Congress is advancing an investigation into a growing scandal surrounding IT staffers working for Rep. Debbie Wasserman Schultz (D., Fla.), who are accused of stealing sensitive computer equipment from House lawmakers' offices, according to senior congressional sources who told the Washington Free Beacon the Democratic leader's refusal to answer questions could "merit resignation."
Congressional leaders have now requested a formal briefing by Capitol Police into its investigation of several Pakistani House IT staffers who are accused of stealing sensitive computer equipment and of illegally penetrating congressional networks.
Imran Awan, one of the staffers who worked for Wasserman Schultz and several other Democratic members of Congress, was arrested this week when trying to travel to Pakistan and charged with bank fraud after a months-long investigation that found he wired nearly $300,000 to that country. Several other staffers tied to Awan are the focus of an investigation into claims they stole sensitive equipment and illegally penetrated the House IT network.
Leading members of Congress are growing frustrated with the pace of the criminal investigation and have moved to conduct their own independent probe into the scandal, according to multiple sources who indicated that the relevant congressional committees are making moves to start an investigation, which could include compelling testimony from Wasserman Schultz, who has been accused of stonewalling on the issue.
As more information about the nature and scope of the IT staffers' collection of privileged congressional information becomes public, lawmakers are seeking to immediately begin their own investigation into the situation.
Rep. Ron DeSantis (R., Fla.), a member of the House Oversight Committee and chair of its National Security Subcommittee, formally requested a briefing from the Capitol Police on Tuesday, telling the Free Beacon that the situation amounts to "one of the all-time congressional scandals in the last 30 years."
Other senior congressional sources who spoke to the Free Beacon about the situation described Wasserman Schultz's lack of cooperation in the investigation as unsettling, and said that her continued payments to these staffers even after evidence of their illegal activity became public may merit her resignation.
"I'm pushing very heard to get a full briefing from Capitol Police as soon as possible," DeSantis told the Free Beacon. "There's clearly criminal elements to this and I think there will be more going on. There's probably going to be ethics issues on why these [taxpayer] funds were spent that [Wasserman Schultz] and others will have to deal with."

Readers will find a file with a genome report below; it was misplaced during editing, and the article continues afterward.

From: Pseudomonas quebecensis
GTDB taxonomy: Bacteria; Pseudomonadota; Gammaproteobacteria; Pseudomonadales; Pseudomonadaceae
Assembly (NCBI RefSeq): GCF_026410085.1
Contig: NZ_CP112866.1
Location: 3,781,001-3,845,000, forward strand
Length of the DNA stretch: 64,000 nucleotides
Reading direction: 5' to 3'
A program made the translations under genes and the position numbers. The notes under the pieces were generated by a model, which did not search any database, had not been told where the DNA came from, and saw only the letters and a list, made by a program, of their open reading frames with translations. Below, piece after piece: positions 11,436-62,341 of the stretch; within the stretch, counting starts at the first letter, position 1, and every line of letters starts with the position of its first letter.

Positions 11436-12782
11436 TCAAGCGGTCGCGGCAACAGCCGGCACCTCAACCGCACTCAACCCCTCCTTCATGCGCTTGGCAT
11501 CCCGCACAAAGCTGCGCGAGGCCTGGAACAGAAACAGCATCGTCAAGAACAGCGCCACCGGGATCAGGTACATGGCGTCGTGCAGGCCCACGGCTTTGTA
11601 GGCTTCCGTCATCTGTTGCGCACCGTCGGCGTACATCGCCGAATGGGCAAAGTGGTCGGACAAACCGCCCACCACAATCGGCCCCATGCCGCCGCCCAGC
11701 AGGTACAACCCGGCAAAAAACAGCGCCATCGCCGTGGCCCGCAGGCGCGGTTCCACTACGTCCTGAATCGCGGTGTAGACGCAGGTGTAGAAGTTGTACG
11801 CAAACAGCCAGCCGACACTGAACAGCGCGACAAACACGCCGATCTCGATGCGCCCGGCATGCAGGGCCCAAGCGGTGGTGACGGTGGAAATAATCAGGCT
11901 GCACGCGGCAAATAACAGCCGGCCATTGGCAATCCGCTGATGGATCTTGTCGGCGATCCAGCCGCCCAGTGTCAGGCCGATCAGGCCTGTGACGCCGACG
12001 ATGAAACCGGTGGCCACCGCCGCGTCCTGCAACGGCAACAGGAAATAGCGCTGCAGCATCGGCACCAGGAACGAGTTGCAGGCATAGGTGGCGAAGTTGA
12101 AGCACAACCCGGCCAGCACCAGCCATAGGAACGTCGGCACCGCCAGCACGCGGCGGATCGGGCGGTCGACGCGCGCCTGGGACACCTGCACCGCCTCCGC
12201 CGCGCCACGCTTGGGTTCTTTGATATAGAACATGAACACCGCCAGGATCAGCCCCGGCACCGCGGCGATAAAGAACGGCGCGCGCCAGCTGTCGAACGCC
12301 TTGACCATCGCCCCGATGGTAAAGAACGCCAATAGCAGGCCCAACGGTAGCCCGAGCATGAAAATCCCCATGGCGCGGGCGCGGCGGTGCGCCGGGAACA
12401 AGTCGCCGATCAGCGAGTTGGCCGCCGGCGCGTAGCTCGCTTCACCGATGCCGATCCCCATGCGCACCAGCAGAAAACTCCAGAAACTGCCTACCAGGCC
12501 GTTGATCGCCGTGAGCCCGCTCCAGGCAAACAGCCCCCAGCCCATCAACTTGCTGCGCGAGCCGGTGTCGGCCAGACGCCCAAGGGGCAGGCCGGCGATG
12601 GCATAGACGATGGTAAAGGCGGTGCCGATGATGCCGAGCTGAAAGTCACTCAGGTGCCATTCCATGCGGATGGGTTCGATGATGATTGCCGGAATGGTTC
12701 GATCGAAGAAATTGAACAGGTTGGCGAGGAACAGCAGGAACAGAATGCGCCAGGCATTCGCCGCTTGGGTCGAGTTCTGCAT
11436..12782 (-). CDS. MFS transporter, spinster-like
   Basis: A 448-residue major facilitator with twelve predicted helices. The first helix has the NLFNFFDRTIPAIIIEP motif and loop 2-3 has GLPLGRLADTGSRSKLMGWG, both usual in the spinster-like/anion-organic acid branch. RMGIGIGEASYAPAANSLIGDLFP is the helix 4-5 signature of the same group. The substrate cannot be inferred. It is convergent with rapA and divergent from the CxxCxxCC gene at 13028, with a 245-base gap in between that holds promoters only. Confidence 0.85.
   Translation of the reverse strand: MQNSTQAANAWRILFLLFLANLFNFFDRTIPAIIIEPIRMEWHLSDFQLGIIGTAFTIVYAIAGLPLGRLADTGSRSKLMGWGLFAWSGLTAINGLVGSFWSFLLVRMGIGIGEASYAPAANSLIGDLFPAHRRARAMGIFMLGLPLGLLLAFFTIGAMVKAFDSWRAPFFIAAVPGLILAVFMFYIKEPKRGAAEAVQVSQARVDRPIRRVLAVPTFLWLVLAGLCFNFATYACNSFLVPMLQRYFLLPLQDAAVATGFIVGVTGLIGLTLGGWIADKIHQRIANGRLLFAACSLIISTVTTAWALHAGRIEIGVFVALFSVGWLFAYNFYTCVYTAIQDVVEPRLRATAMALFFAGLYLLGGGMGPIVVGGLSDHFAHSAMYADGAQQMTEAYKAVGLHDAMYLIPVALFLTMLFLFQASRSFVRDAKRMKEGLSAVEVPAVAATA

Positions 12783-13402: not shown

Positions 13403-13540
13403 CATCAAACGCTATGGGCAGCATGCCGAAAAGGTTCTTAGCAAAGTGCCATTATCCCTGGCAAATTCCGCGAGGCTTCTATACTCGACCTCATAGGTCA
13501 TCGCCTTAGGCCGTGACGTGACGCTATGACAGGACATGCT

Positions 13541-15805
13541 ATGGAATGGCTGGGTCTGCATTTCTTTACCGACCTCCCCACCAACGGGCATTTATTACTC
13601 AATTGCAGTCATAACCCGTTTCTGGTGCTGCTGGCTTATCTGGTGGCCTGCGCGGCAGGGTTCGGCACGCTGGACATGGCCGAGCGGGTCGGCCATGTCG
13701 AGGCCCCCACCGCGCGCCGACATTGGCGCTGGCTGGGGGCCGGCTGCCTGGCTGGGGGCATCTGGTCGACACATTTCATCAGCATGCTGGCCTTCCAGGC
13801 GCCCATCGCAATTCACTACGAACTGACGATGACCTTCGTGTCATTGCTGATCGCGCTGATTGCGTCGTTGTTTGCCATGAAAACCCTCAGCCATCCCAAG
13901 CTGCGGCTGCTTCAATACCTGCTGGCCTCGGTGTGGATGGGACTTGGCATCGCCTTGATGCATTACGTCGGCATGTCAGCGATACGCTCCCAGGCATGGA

"We have to know what happened now and we can't wait for a criminal case to be done," DeSantis added. "We need an immediate briefing from the Capitol Police."
The congressional investigation into the matter is likely to be helmed by the House Committee on Administration, which has jurisdiction over these issues, in conjunction with House Speaker Paul Ryan's (R., Wis.) office, according to sources apprised of the situation.
The scandal is said to have rocked the halls of Congress, despite little mainstream media coverage, sources said.
"The extent of the potential breaches has been made more clear" in recent weeks, according to one senior congressional source who would only speak on background when discussing the sensitive matter. "The inexplicable nature of the conduct of Wassermann Schultz and others has broadened" congressional interest.
Lawmakers are confused as to why Wasserman Schultz continued paying Awan and other staffers implicated in the breach for several months after this information came to light.
"At best for her that is gross misapplication of public funds that could merit resignation alone," the source said. "There's got to be more to that story."
The accused staffers are believed to have had access to sensitive intelligence information related to the House Foreign Affairs Committee, as well as lawmaker's personal information, prompting concerns the breach could be far deeper than initially suspected.
Lawmakers such as DeSantis and others have become increasingly interested in questioning Wasserman Schultz about the situation and her behavior.
"Yes, we could ask for her [Wasserman Schultz] to testify" Rep. Louie Gohmert (R., Texas), told the Free Beacon late last week.
Gohmert described the situation as "incredible" and troubling given these staffers' access to privileged information on the internal House computer network.
"You don't have to be all that great at hacking to hack into almost anyone's email and calendar," Gohmert said. He noted this information is not classified or privileged because it pertains to official congressional business.